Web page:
Blooming is considered the final stepping stone in making a flavourful, well balanced and extracted cup of coffee, with some aficionados claiming that you may have the best beans, the best grinder and the best rig, but if you don't bloom, your coffee will taste funky! So, what is blooming? Why do we do it, and how does it affect the flavour of the coffee?
Blooming is a process of releasing the stored up carbon dioxide gases and a number of other oils and ingredients that get locked inside the beans during the roasting process. It usually looks like a foamy, puffy layer above the ground coffee beans when hot water is poured over it. This process of releasing the stored up CO2 is called ‘degassing’ and it helps in extracting all the goodness of the coffee beans that you want.
Coffee has a number of volatile compounds which provide it’s characteristic flavour and texture. These compounds need to be extracted from the roasted coffee beans and the best way of achieving that is degassing the ground coffee beans. During roasting, the carbon dioxide and the volatile compounds are trapped inside the bean which slowly releases the gas. When hot water comes in contact, the gas is released at an exponential rate which results in the bloom and also extracts all the healthy and tasty compounds from the beans. The bloom can be observed when the ground coffee beans puff up and form a foamy layer due to the gasses being released.
If we don’t bloom our coffee, what will happen instead is the gas released during the process of pouring hot water will repel water from coming in contact with the grounds. This does not lead to proper extraction of the compounds and the coffee tastes sour and under-extracted. Blooming basically allows the gas to expel and to make room for water to enter the spaces between the grounds and properly extract all the goodies. This effect is known as turbulence.
Note: If your coffee doesn’t bloom, it has become stale or has been roasted for too long and won’t taste near as good as freshly roasted ground coffee beans.
Here are some ways you can store your coffee beans after roasting so that most of the tasty compounds are locked in till the day you brew.
Depending on the time duration since roasting and the storing, coffee beans usually become stale after two weeks from roasting. A lot of the gases are released during this process and continue to slowly seep out over the period of time. Storage plays a huge role in making sure the beans don’t lose too much of the gases and volatile compounds. There are basically two types of storage techniques you can use –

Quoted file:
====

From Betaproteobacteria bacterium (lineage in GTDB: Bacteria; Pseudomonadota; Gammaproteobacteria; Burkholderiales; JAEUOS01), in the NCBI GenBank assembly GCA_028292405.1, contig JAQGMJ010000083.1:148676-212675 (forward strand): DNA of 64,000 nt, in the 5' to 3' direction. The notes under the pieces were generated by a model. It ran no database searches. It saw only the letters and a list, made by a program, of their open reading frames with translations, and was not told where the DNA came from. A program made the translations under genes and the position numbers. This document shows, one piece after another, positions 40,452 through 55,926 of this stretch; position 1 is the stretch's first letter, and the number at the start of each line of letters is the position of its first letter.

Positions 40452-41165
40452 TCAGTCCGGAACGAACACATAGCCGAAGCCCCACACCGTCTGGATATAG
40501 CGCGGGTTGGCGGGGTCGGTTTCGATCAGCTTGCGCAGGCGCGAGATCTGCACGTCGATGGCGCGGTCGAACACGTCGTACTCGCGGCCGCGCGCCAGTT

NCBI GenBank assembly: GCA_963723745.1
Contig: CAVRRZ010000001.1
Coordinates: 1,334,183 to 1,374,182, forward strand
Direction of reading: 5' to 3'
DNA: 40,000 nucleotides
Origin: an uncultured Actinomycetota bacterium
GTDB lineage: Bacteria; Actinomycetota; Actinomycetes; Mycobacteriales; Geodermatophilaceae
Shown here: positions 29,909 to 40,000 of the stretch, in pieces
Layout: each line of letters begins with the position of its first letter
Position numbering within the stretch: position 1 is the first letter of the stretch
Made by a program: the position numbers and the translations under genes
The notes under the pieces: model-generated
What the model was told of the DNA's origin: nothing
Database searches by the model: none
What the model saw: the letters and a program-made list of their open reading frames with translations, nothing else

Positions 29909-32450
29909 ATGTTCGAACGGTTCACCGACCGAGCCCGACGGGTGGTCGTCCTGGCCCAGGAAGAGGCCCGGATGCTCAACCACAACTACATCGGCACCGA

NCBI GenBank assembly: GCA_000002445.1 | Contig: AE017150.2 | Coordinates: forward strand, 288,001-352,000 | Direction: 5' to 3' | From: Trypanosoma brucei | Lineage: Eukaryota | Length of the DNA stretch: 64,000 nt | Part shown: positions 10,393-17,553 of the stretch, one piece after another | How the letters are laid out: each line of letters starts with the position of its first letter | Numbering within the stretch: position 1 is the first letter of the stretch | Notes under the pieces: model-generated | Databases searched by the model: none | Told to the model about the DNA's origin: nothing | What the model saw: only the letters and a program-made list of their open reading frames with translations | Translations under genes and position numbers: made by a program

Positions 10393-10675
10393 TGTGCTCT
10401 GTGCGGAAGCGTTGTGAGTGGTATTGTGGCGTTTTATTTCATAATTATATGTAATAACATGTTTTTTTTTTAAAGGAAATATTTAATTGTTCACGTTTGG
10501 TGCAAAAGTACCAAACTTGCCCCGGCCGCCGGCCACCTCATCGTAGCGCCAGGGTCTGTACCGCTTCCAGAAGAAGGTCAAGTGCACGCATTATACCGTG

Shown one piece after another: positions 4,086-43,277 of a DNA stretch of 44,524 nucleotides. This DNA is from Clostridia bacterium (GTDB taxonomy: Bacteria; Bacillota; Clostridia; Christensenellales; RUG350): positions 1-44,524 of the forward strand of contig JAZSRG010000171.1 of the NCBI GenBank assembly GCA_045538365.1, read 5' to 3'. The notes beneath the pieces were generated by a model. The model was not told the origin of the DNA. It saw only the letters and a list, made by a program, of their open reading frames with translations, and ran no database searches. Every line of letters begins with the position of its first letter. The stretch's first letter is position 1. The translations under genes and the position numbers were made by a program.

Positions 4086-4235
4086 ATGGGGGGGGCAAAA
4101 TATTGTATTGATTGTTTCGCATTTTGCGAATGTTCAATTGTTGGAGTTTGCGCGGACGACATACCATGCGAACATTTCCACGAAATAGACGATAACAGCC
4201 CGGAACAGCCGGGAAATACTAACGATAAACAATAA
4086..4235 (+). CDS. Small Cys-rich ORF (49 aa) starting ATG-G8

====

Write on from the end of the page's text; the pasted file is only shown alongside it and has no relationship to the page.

There are other variables such as storage temperature, humidity, bean hardness, level of roast, and origin. However, the most important thing is your coffee should bloom otherwise it is over roasted or stale and that leads to a disappointing brew.
Generally, blooming is done prior to filtering the coffee and only enough water is used so that all of the coffee grounds are evenly watered but not so much that it filters through. After a minute, the rest of the hot water is poured over the bloomed or degassed coffee grounds and a well balanced, extracted cup of coffee is ready to drink!
This method can be used for pour over coffee, by ensuring the hot water (200F or 98C) is poured in a circular manner starting either from the centre and making your way to the outer rim or the reverse manner. You can do it either way, just make sure the water is poured evenly so you can get an even extraction from your ground coffee.
If you are using a French press, blooming is done by pouring water over the coarsely ground beans and letting the gas release for 30 seconds and giving it a good stir with a long spoon. After that you can pour the rest of the water.
If you are using an automatic drip machine, it’s better to use a high quality filter, preferably those filters which are capable of stopping most of the fouler flavoured oils and the sludge from seeping through. Pour the ground coffee beans and give it a shake to make the surface plain. Pour hot water evenly over the coffee and let it soak for a minute to a minute and a half, then simply operate the machine as normal. You can find the ideal filters here.
You can experiment with the soak times and see what suits your taste, but you will definitely enjoy the benefits a simple blooming technique will bring to your cup of coffee!
Now with that blooming know-how under your belt, go ahead and give it a try. Experiment and find your taste. Brew better coffee at home in no time(seriously!).
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